Recognition and Capability: A New Way to Understand How Children Can Achieve Their Rights?
|Title||Recognition and Capability: A New Way to Understand How Children Can Achieve Their Rights?|
|Publication Type||Book Chapter|
|Year of Publication||2018|
|Authors||Thomas, N, Stoecklin, D|
|Editor||Baraldi, C, Cockburn, T|
|Book Title||Theorising Childhood|
|Series Title||Studies in Childhood and Youth|
|Place Published||Cham, Switzerland|
|ISBN Number||978-3-319-72672-4 978-3-319-72673-1|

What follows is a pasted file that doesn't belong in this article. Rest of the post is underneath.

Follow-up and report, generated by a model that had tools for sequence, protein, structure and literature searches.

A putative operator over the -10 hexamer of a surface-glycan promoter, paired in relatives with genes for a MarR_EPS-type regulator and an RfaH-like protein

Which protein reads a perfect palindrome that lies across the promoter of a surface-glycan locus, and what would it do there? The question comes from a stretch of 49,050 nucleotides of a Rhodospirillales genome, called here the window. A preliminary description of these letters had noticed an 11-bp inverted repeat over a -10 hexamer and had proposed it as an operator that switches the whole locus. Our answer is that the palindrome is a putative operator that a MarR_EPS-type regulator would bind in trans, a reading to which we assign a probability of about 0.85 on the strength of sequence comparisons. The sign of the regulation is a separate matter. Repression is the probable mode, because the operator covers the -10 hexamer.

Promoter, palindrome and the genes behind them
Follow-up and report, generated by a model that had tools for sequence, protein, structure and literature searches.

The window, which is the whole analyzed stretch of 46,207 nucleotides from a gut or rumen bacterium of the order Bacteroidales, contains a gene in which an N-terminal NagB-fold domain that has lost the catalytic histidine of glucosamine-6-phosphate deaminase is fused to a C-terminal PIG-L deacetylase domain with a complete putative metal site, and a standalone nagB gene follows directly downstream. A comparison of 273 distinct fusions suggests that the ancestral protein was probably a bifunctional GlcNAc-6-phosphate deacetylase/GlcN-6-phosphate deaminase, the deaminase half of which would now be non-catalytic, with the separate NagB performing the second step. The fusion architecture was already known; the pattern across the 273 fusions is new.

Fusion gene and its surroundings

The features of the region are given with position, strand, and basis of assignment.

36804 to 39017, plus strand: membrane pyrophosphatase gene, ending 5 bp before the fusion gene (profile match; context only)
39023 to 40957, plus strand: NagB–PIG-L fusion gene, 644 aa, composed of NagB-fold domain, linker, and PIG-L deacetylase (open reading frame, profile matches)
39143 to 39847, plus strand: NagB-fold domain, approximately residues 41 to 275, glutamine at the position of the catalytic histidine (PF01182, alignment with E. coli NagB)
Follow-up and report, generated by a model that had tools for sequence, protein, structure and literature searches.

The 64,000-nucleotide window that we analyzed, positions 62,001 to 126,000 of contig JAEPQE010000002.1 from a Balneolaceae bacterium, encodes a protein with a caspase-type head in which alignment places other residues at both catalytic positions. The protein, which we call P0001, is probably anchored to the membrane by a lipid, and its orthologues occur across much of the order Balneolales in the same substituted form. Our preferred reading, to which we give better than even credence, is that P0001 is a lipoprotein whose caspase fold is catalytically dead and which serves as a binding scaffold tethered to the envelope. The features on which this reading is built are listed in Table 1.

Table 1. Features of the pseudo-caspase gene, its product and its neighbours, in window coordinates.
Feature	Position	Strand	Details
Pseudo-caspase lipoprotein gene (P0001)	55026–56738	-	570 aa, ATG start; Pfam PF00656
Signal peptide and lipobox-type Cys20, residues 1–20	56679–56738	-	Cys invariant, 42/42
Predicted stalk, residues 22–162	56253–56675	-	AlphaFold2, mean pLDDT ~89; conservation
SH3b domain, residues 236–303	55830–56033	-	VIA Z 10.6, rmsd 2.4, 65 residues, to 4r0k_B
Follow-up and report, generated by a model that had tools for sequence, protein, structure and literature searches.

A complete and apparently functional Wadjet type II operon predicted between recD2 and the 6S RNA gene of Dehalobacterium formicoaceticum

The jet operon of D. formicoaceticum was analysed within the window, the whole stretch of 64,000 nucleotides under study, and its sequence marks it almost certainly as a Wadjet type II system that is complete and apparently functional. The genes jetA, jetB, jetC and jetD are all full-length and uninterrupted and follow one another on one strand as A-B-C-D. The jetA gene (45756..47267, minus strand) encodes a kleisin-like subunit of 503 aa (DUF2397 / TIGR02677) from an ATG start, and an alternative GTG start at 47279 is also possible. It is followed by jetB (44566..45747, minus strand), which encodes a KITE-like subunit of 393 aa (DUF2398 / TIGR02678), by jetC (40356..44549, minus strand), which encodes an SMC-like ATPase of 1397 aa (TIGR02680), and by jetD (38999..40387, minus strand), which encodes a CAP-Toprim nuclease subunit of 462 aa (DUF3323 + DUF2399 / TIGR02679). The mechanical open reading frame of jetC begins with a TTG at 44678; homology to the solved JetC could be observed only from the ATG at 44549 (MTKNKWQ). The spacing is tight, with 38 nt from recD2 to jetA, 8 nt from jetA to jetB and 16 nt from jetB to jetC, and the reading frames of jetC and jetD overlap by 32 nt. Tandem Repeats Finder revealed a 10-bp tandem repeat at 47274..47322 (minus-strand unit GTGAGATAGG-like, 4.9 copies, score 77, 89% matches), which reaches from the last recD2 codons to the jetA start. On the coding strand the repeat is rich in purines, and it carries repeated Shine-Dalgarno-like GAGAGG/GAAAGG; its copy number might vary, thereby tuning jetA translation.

This chapter explores how we can better understand children’s place in society using two theoretical models: recognition theory and the capability approach. It looks at the strengths and weaknesses of each theoretical approach, and how they can be used in combination. While recognition theory focuses on personal identity, the capability approach is primarily concerned with acts that people have the freedom to perform. The link between activities and identities is a central issue, mediated as it is by specific values. The chapter also considers the United Nations Convention on the Rights of the Child as an example of how children’s place in intergenerational relations is constructed. It concludes with a review of current attempts to use the two theories to inform and guide empirical research with children.